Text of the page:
Emory Corporate Governance and Accountability Review

The Multilevel Marketing Misnomer: How the Federal Trade Commission May Change Network Marketing
Jeremy Pineres Emory University School of Law, J.D. Candidate, 2017; Vice President, Student Animal Legal Defense Fund; House Coordinator, Emory Law Houses Program; Mentor, Emory Law Mentor-Mentee Program; B.A. Legal Studies, University of Central Florida. I would like to thank Heidi Hegewald, Liu Chen, and Nicole Fukuoka for helping refine my work, and Kelsey Spillers and Laura Beth Jackson for their encouragement and support throughout the writing process.

Multilevel marketing, also known as network marketing, is a business model in which distributors typically earn money through: (1) commissions on products or services they sell to the public, (2) a percentage of the capital new recruits invest to join the company (under the original distributor, known as one’s “downline”), and (3) a percentage of the sales made by the distributor’s “downline.” 1Multilevel Marketing, Fed. Trade Comm’n (Aug. 2012), . This structure shares characteristics with the problematic pyramid scheme, in which there is also a product or service sold. 2Common Fraud Schemes, Fed. Bureau of Investigation, (last visited Sept. 20, 2015). However, in a pyramid scheme, the focus of sales and actual profit is earned by the introduction of new “downlines,” not sales of products or services. 3 Id. Promoters promise rapid returns to prospective investors, claiming that they will earn easy money by simply getting others to make the same investment. 4Id. This business structure is not only fraudulent, but unsustainable, because eventually the supply of prospective investors is depleted and the pyramid collapses. 5Id.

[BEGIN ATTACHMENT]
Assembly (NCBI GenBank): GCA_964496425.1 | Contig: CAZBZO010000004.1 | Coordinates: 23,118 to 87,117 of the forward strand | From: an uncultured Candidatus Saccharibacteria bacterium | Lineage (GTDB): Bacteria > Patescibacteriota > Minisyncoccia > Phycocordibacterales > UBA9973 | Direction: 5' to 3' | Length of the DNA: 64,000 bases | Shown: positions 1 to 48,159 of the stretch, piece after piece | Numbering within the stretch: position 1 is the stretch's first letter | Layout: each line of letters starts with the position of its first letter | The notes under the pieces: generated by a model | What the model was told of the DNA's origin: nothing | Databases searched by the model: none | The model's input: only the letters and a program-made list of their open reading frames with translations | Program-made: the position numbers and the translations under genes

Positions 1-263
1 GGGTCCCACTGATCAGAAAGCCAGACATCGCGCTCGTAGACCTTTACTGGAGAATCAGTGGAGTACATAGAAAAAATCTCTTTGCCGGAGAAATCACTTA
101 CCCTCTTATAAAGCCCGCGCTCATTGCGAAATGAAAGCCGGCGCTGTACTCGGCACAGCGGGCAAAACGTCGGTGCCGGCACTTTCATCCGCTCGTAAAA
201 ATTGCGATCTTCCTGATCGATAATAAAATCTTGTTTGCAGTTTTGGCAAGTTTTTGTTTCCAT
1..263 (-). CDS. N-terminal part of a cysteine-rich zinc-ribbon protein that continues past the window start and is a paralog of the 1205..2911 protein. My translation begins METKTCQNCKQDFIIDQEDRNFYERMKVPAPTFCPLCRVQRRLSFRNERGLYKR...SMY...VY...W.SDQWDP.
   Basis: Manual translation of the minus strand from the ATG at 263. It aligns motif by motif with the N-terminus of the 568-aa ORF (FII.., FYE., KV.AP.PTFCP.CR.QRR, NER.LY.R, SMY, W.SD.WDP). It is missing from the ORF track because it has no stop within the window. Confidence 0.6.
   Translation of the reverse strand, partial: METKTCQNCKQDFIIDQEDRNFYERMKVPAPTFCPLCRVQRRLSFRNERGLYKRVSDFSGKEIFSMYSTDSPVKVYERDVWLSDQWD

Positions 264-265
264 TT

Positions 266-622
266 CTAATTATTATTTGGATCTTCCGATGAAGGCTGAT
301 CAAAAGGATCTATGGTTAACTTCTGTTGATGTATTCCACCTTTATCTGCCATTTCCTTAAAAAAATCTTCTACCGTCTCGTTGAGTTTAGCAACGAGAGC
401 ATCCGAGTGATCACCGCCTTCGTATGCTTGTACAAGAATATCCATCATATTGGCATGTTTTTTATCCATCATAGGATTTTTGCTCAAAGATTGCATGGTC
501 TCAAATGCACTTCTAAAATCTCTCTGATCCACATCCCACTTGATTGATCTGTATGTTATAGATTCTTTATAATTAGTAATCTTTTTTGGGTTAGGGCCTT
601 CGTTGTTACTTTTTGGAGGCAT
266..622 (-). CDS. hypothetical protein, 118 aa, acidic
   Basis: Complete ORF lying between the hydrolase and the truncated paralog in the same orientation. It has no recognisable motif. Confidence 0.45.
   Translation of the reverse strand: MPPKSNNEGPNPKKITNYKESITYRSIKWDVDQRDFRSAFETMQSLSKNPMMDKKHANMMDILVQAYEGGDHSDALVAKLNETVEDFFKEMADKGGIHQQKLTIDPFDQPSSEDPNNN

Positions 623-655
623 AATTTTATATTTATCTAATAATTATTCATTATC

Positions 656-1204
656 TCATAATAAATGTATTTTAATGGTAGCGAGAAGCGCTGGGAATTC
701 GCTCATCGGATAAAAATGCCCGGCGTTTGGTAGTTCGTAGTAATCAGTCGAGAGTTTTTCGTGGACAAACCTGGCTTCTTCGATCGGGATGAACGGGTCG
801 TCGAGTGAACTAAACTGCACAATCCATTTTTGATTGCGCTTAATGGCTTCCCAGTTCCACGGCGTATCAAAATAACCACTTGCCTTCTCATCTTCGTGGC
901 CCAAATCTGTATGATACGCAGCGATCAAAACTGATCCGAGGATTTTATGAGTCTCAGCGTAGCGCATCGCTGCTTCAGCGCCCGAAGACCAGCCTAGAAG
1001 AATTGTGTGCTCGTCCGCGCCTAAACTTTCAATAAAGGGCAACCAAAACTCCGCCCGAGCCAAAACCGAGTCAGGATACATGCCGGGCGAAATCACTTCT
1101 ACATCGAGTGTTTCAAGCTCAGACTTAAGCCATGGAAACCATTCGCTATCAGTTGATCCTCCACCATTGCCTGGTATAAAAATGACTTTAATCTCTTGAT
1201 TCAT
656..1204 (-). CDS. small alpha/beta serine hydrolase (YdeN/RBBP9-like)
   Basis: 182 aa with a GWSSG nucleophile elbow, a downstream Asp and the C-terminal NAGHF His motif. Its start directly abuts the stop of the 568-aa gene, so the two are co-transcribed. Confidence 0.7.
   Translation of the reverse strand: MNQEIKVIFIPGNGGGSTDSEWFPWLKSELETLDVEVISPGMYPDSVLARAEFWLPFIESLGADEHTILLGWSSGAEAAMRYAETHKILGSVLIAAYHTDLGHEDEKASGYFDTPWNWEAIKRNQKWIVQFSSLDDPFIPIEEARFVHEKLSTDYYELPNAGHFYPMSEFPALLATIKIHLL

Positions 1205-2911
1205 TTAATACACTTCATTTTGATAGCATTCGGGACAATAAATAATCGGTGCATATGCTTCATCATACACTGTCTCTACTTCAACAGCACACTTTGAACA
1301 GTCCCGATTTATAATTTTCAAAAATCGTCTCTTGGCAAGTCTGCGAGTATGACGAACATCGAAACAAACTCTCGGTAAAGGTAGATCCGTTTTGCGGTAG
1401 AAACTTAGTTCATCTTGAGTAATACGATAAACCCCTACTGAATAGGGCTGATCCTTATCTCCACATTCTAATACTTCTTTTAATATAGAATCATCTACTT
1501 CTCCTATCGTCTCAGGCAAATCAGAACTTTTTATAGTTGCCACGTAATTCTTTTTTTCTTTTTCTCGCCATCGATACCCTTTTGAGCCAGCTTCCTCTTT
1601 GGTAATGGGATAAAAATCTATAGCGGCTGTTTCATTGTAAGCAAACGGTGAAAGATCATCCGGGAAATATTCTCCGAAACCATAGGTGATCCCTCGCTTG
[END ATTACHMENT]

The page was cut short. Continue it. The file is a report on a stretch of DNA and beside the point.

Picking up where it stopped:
While the distinction between the two models may seem clear, the Federal Trade Commission (the “FTC’) recently investigated Vemma Nutrition Co., a leading multilevel marketing energy drink company, and argued that the manner in which these companies implement compensation plans can result in blurred lines. 6Samantha Masunaga, Court Halts Vemma Temporarily on FTC Claim That It’s a Pyramid Scheme, L.A. Times (Aug. 27, 2015), . The FTC alleged that the company operated much like a pyramid scheme by focusing on the “recruitment of distributors over bona fide retail sales, while also misleading distributors, mostly young adults, on their ability to earn income by selling its products.” 7Antoine Gara, Federal Trade Commission Calls Vemma a Pyramid Scheme That Preys on Young Adults, Forbes (Aug. 26, 2015), . On September 18, 2015, a federal judge granted in part and denied in part the FTC’s Motion for a Preliminary Injunction, enjoining Vemma from recruiting new sales members. 8Judge Bars Vemma Nutrition from Resuming Full Business Operations, Cronkite News (Sept. 18, 2015), . This is a monumental step in the direction of reforming a business practice that currently induces the destitute, hopeful, and unaware into becoming part of a pyramid scheme called by a different name. 9 Id. This article will explain how many multilevel marketing companies operate similar to a pyramid scheme, as well as the impact the ruling in the Vemma case may have on the future of the multilevel marketing business structure.

I. How the Transition to Illegal Practices Occurs